Military and law-enforcement divisions have utilized canines for many years, citing their unique senses, intuitions, and intelligence as the driving forces behind their partnership with mankind. While conventional training methods have served their purpose by keeping operatives out of harm’s way, it’s not perfect. That’s why the Army Research Office, a specialized branch of the Army Combat Capabilities Development Command’s Research Laboratory, has created the next step in codependency.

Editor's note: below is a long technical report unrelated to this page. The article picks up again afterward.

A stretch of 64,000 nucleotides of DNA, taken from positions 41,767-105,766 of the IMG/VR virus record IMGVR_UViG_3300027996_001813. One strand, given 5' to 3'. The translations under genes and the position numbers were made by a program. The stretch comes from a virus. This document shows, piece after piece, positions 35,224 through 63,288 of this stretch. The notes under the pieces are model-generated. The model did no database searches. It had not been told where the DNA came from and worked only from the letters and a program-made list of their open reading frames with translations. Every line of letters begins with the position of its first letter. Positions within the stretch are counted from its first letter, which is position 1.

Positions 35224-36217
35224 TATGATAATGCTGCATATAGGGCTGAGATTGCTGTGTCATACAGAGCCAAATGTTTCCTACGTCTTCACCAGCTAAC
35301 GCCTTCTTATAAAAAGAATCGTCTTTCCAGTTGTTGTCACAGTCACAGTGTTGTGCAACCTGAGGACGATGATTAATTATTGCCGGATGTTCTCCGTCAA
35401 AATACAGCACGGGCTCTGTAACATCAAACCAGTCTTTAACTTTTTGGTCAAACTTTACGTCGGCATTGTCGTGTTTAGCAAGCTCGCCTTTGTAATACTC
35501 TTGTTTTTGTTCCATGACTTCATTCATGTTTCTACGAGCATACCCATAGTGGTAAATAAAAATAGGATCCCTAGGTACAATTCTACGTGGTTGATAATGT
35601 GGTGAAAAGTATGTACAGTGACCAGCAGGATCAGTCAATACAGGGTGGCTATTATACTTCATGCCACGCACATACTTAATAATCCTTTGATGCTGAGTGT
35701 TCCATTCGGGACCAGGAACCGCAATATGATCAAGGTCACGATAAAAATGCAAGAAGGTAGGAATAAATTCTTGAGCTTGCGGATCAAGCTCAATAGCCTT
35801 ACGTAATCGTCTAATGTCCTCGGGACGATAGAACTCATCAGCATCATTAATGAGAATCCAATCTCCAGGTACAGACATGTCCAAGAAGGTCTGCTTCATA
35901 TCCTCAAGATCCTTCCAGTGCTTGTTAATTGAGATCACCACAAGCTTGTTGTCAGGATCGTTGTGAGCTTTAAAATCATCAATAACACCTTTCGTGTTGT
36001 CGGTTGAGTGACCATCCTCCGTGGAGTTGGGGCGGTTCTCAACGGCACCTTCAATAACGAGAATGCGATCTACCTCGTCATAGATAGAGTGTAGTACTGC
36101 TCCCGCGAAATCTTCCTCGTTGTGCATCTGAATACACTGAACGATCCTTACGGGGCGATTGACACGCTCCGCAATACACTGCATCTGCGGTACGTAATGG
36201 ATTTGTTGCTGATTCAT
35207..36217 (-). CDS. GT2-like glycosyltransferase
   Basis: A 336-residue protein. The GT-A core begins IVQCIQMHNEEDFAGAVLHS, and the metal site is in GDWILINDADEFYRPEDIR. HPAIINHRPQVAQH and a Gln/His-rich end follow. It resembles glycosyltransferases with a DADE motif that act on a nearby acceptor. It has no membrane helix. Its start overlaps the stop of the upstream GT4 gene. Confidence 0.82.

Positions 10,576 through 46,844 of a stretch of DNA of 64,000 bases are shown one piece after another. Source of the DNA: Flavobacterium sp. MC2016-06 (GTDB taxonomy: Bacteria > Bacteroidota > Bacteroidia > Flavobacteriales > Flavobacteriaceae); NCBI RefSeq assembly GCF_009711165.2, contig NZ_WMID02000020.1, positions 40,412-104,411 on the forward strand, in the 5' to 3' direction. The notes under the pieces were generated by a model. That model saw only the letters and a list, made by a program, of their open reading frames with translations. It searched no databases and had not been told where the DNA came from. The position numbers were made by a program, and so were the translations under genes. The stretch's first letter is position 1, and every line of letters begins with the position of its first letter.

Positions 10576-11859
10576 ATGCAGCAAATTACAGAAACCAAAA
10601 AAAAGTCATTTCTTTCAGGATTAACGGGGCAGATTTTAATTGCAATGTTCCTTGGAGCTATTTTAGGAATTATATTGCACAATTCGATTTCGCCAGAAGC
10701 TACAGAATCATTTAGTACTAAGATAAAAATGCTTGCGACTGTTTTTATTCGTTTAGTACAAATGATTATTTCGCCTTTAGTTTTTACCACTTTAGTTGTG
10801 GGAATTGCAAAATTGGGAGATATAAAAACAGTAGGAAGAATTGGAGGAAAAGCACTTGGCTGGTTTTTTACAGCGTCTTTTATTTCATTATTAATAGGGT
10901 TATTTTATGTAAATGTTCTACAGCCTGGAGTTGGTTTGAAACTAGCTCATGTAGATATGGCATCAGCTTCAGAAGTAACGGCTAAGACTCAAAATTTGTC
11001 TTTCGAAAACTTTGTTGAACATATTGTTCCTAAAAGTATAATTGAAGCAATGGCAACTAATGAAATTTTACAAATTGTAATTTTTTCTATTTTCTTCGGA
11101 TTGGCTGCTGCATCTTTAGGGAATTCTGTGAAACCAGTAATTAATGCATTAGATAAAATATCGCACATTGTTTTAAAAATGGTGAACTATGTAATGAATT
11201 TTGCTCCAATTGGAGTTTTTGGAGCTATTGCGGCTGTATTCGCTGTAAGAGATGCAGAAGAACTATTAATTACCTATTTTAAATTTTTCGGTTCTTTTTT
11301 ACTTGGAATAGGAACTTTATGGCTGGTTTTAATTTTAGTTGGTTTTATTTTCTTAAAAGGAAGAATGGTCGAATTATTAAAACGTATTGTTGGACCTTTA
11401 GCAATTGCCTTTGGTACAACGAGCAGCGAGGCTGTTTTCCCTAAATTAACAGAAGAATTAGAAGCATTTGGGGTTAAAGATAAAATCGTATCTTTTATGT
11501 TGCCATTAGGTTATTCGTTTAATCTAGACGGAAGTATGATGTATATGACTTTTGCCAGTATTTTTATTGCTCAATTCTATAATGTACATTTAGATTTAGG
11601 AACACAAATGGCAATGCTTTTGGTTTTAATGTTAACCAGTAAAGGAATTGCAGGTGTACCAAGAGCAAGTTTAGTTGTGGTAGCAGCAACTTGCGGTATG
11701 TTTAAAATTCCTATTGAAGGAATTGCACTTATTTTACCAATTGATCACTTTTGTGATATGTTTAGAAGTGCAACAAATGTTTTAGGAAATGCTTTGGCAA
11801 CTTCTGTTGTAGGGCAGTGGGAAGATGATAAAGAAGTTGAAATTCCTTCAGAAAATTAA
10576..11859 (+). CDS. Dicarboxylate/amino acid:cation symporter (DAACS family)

This improved system involves the use of augmented reality to keep handlers away from hazardous locations within the battlefield. Oftentimes, dogs are used to scout locations that are deemed to be too dangerous for human contact, including search and rescue areas, fields with explosive ordinance, and other environments that are unique to military and law enforcement. The goggles, which are mounted to the animal’s head and secured via a muzzle-like strap and drawstring, are outfitted with visual indication systems that will allow handlers to give the dog signals, provide cues, and issue commands from a distance, without having to set foot on the field. Right now, the program is still in its infancy, so it remains to be seen whether or not it will provide a possible alternative to more conventional methods. Head to the U.S. Army’s website to learn more.
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